W3C home > Mailing lists > Public > public-webappsec@w3.org > August 2013

Re: Including the Javascript stack trace in the ContentSecurityPolicy report

From: David Bruant <bruant.d@gmail.com>
Date: Fri, 2 Aug 2013 17:50:30 +0200
Message-ID: <CAHbscB3_i17EDv7HptA-2v0QWa1qaYXimTVVYSgSPpdYTmovaw@mail.gmail.com>
To: Boris Zbarsky <bzbarsky@mit.edu>
Cc: public-webappsec@w3.org
2013/8/2 Boris Zbarsky <bzbarsky@mit.edu>

> On 8/2/13 9:29 AM, Henry Wong wrote:
>
>> Is there a particular
>> reason not to include the stack trace other than that it might not
>> always be relevant?
>>
>
> It's a significant burden on implementations to do it, especially without
> killing performance.  Because loads are async, any operation that might
> start a load has to eagerly save the stack trace just in case the load will
> later fail a CSP check...
>
All the CSP rules have to be known by the runtime *before* any load, aren't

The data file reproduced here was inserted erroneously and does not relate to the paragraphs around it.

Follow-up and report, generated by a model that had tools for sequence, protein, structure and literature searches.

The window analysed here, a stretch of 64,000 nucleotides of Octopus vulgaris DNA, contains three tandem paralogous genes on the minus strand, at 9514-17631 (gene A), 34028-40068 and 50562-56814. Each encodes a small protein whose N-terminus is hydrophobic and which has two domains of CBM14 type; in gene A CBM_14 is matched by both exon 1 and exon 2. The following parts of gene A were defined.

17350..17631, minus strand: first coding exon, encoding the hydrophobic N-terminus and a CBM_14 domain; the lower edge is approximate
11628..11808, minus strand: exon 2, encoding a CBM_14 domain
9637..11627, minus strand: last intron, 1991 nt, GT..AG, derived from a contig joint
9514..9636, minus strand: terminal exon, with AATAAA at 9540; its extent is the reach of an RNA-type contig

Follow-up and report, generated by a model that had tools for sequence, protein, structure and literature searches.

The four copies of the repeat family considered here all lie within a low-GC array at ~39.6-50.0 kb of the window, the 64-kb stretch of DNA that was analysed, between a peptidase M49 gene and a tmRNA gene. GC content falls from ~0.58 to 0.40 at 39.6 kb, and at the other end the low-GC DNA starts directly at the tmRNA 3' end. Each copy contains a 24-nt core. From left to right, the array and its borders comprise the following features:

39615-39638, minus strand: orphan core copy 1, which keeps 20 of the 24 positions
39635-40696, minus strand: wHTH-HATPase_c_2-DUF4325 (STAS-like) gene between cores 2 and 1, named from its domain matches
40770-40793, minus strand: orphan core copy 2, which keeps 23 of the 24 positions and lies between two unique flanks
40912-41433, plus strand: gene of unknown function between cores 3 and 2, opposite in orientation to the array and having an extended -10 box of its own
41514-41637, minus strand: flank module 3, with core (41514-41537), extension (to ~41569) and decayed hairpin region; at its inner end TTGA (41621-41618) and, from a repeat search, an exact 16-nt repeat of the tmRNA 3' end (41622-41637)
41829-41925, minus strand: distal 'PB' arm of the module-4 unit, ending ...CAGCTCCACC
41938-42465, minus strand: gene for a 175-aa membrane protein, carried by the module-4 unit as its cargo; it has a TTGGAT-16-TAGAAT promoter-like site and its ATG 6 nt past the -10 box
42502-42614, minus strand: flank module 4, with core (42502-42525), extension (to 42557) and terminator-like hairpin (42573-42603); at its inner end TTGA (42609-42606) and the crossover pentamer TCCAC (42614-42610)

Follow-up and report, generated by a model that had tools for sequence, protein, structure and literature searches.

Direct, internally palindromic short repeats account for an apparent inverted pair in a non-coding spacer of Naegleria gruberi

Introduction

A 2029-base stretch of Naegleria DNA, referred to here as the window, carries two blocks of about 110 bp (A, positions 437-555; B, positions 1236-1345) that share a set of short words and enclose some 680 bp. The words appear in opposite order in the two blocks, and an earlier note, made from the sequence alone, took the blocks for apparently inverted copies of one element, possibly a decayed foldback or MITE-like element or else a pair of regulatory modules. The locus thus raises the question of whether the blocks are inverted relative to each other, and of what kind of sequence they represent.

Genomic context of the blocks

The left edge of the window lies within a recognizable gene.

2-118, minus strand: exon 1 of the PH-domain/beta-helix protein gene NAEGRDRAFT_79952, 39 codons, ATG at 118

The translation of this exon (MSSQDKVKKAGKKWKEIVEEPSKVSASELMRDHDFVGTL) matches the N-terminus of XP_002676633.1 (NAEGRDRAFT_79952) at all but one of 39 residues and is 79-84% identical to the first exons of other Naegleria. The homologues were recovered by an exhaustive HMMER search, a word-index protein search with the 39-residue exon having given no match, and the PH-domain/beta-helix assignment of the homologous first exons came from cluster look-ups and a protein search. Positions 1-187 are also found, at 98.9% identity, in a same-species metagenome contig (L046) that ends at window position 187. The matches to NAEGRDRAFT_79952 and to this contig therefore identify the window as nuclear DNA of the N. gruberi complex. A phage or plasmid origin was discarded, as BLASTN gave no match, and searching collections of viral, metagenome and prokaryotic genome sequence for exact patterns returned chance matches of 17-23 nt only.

they? So I don't understand why asynchrony would be an issue. In essence,
an implementation can do (pseudo-JS code, lots of details omitted):

function load(url){
  if(url.violatesCurrentCSPRules()){ // sync because all rules are
available. Has to be done anyway by a CSP conforming impl.
    var stack = getStackTrace();
    // emit the event with the stack as one of its data
    // send the violation report
  }
  else{
    // sendHTTP request
  }
}

The extra cost only occurs if a violation is detected which is expected to
be a rare event.

David
Received on Friday, 2 August 2013 15:50:58 UTC

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